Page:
They would preach, sing in the vernacular and engage in pastoral care. Young Roman princes who wanted to join, first had to complete a list of assignments, for instance making mortar or carrying bricks for the construction of the new church. Philip Neri died in 1595 and was buried in the Chiesa Nuova.
|Philip Neri’s death mask|
The church is home to three paintings of the young Rubens. One of them is located above the main altar and the other two beside it. If we are lucky, and the sexton is kind enough to fetch his remote, we will see that behind the oval painting of the Virgin Mary by Rubens there is an oval box that can be opened to reveal a 14th century fresco of the Blessed Virgin which reportedly performed miracles. In a letter, Rubens had the following to say about the first painting that he did for the monks of the oratory:
|“You should know that my painting for the main altar of the Chiesa Nuova has turned out quite well, much to the satisfaction of the friars, and also to the satisfaction of those (which is rare) who saw it ahead of time. However, the lighting of this altar is so bad that one can hardly distinguish the figures, or enjoy the beauty of the colours and the fineness of the heads and draperies that I painted so carefully, after nature, and according to the judgement of all, completely successfully. Therefore, in light of the fact that the work’s merits are all wasted and appreciation of my efforts will only be forthcoming when the results can be seen, I have no intention of unveiling it. I would rather take it back and find a better place for it […] but the friars refuse to part with it unless I am willing to make a copy in my own hand, for the same altar, on stone or another material that will absorb the colours in such a way that they are no longer reflected by this unfavourable light. However, I don’t believe it would be right for my reputation that two identical paintings by my hand should exist in Rome.”|
Rubens eventually decided to paint a new altar piece after all, but this time on slate.
|Peter Paul Rubens altar with the three paintings
St Gregory, Maurus and Papianus Madonna with Child, worshiped by angels 1608 slate 425 x 250 cm Detail of the altar piece
picture: Bruno Cerboni
So that this time the material would “absorb colours”. Rubens did not make a copy, but painted the composition you can see in the church today. At the bottom of the image plane you see angels looking up in adoration at a frame in which the Virgin Mary and her child can be seen (behind her is the miraculous fresco).
|Peter Paul Rubens ‘Madonna with Child, worshiped by angels’
Partly open Mary fresco 14th century Youtube opening box starts at 7.53
The altar piece wasn’t to be Rubens’ only painting for this church. He painted to more big paintings, both of them on slate. These two paintings hang a little lower, so that the three of them together resemble a traditional triptych. St Gregory, Maurus and Papianus are to the left of the main altar and to the right St Nereus, Domitilla and Achilleus. Both works feature three saints come to pay their respects to The Virgin Mary and her child in the central panel. The relics of the six martyrs depicted on both the flanking painting, including Gregory and Domitilla are enshrined in this church. The Chiesa Nuova originally also featured a famous painting by Caravaggio in the second chapel on the right; the Vittrici Chapel. You will see this painting later in the Vatican’s Pinacoteca. For now, we will have to make do with a replica of the Entombment of Christ. We will nevertheless discuss this painting here because it has to be seen in context to be understood.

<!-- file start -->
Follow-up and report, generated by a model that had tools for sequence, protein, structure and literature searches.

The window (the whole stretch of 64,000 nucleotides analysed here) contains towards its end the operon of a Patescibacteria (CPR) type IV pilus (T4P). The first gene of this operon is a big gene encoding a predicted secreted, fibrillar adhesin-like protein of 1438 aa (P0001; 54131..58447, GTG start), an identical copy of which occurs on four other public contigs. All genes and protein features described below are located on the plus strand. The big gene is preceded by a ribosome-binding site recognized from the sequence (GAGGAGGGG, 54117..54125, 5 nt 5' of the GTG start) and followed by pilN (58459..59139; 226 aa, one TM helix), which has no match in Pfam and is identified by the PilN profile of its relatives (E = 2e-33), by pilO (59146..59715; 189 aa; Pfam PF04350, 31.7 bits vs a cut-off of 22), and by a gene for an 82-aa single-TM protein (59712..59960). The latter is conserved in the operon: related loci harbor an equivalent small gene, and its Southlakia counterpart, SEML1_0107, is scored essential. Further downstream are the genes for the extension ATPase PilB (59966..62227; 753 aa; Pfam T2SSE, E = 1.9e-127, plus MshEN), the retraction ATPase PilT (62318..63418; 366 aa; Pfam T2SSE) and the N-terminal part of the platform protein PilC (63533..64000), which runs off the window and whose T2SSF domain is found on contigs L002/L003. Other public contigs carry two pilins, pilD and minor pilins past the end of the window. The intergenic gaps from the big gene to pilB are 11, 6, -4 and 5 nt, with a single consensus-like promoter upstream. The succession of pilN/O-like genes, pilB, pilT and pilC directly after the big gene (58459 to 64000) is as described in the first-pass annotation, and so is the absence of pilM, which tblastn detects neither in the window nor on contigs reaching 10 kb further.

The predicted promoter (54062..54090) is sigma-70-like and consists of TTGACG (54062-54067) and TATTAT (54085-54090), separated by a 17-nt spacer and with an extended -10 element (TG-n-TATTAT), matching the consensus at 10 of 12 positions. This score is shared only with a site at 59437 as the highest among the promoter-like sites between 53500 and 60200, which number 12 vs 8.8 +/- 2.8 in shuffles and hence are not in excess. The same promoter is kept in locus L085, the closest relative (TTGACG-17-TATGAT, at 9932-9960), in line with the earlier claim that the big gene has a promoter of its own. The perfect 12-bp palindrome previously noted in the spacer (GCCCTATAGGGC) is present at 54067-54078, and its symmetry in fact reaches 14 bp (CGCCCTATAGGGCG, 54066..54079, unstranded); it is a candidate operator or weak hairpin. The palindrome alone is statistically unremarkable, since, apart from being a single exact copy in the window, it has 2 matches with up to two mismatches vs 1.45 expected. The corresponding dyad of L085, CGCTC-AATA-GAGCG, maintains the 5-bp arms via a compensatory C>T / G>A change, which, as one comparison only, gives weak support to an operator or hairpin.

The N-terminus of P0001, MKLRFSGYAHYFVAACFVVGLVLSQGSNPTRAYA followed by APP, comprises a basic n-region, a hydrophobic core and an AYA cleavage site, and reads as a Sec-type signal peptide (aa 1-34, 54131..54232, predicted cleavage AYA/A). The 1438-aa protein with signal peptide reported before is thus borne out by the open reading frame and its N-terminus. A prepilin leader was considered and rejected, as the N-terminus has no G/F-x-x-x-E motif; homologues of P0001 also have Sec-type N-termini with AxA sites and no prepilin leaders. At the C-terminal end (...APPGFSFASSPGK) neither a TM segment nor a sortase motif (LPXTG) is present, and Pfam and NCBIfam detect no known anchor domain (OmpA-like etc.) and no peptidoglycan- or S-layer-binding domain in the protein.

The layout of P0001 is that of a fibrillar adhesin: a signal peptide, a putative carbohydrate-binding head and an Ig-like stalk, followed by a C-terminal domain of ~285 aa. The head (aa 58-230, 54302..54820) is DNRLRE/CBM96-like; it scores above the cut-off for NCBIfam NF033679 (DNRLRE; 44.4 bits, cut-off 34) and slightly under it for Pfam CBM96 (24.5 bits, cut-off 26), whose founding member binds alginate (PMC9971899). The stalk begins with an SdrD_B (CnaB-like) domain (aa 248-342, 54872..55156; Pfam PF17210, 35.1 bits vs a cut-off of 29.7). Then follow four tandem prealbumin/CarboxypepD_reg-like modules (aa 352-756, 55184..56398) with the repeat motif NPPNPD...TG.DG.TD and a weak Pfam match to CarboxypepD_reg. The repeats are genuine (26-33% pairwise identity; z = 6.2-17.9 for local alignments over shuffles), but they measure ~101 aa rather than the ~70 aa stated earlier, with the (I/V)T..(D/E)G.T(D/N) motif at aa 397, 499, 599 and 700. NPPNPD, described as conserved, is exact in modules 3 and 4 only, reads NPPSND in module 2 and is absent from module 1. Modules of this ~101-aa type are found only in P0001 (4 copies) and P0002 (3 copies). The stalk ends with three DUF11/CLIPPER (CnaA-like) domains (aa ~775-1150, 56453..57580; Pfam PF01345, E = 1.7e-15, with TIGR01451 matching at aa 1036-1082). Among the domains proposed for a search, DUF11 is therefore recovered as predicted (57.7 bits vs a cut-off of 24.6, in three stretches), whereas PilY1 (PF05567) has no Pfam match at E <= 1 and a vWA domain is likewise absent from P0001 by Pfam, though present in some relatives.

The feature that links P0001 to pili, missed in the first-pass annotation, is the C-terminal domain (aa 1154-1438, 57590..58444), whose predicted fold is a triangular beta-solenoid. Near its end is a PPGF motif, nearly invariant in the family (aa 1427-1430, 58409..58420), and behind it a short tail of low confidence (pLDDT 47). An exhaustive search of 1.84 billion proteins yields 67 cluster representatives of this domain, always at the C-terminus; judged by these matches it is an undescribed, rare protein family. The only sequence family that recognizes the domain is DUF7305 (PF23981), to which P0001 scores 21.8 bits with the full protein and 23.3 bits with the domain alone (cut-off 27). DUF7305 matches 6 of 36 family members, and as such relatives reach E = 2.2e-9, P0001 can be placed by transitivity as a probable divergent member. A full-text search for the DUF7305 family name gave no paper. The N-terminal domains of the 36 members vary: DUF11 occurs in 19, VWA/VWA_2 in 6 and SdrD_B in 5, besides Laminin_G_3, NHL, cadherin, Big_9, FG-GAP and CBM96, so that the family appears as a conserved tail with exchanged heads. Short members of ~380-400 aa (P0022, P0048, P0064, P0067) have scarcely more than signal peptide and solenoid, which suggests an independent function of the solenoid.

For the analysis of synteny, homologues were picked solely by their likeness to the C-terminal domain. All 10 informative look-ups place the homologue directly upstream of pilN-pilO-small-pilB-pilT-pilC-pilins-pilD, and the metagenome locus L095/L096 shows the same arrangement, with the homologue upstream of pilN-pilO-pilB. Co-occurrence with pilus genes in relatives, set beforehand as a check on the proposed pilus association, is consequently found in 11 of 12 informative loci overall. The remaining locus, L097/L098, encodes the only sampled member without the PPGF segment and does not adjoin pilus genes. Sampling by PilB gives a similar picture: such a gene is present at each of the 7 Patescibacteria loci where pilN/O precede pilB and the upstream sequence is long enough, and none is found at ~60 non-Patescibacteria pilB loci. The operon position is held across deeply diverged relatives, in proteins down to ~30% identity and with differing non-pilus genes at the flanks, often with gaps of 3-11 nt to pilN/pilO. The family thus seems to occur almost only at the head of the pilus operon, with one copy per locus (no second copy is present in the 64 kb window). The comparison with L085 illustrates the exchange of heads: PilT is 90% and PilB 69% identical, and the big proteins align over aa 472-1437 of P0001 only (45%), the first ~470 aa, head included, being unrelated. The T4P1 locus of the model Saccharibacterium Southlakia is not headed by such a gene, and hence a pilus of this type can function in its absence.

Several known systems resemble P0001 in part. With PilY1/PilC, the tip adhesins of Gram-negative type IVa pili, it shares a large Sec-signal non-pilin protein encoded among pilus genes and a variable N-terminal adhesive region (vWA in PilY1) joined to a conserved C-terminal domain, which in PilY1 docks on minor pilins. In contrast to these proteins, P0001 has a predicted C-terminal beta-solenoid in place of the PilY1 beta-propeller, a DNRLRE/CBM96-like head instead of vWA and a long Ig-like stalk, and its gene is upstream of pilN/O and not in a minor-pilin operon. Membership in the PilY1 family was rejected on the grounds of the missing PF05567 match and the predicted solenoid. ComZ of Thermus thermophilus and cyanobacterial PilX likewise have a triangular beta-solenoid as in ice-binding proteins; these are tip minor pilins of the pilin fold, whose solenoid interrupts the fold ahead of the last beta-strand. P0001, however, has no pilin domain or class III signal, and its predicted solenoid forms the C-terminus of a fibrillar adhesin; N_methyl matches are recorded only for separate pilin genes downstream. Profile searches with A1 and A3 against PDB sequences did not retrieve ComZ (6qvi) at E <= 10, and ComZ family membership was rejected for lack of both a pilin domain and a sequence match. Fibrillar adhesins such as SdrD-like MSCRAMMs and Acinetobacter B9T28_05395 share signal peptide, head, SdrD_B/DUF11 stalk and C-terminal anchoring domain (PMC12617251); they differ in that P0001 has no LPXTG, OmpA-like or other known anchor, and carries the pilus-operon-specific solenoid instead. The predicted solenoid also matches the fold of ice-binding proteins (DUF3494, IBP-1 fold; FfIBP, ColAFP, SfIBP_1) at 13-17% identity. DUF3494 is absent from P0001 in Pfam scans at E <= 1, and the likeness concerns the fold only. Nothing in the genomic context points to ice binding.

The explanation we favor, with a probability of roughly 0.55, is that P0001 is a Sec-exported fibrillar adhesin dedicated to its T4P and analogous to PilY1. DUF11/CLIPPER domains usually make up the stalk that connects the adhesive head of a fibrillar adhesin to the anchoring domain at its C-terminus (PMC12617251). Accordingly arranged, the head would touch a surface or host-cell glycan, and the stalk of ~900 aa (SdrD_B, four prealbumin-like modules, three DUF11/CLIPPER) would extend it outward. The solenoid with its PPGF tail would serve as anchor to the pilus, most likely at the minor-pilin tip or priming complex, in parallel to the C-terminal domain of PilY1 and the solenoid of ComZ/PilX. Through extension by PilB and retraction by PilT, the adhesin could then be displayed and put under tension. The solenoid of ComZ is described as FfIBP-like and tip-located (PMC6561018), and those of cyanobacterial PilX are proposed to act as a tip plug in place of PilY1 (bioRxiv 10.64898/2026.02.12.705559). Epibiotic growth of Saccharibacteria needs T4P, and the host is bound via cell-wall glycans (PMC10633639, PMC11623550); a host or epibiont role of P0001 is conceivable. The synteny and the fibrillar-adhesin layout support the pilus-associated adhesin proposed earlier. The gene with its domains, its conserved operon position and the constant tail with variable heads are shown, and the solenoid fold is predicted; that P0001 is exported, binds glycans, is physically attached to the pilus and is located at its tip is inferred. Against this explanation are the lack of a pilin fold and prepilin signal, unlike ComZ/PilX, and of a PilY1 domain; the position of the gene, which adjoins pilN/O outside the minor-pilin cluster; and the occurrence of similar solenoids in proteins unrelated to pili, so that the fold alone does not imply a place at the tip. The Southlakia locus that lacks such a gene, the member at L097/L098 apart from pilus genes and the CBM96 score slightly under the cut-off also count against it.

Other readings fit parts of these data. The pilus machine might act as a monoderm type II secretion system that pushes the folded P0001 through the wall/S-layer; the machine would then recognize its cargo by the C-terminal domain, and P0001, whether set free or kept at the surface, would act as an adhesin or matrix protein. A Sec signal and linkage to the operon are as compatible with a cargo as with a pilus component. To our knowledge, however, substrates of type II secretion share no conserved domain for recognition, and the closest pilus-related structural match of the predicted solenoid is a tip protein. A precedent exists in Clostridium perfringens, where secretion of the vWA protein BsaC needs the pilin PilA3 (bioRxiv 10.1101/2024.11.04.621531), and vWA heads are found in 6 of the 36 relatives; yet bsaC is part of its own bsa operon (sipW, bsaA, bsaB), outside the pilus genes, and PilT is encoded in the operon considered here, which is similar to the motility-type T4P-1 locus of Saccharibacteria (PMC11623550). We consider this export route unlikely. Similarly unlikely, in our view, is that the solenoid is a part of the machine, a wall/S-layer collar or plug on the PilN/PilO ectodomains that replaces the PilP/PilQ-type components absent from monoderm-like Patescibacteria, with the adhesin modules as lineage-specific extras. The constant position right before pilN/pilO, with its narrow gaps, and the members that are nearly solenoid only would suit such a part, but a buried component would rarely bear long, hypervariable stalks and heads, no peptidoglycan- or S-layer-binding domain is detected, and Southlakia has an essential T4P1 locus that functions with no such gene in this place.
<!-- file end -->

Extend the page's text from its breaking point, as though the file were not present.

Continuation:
|Caravaggio ‘Entombment’ 1603-1604 300 x 203 cm. large size
|Caravaggio ‘Entombment’ detail Pinacoteca Vaticana
Mary, Mary Magdalene and Mary Kleopas
I will provide some information here that is partly a repetition of what I have already written under Day 5: Caravaggio. Pope Gregory XIII, who was a close friend of Vittrici’s, introduced an indulgence for praying in his chapel in the Chiesa Nuova. Vittrici died before his chapel was completed. The chapel and altar were completed after his death. The pope reiterated that the privilege that was granted must be upheld. This meant that a chapel like the one we are standing before now, was very popular with the faithful, because it would get you an indulgence. The Santa Maria in Vallicella, as this church is officially called, houses a total of 10 altar pieces in the chapels near the aisles. These altar pieces form a single continuing story about the Road to Calvary. Each of the altar pieces includes a representation of the Virgin Mary among the other figures.
|Chiesa Nuova nave and aisle|
photo: Dennis Jarvis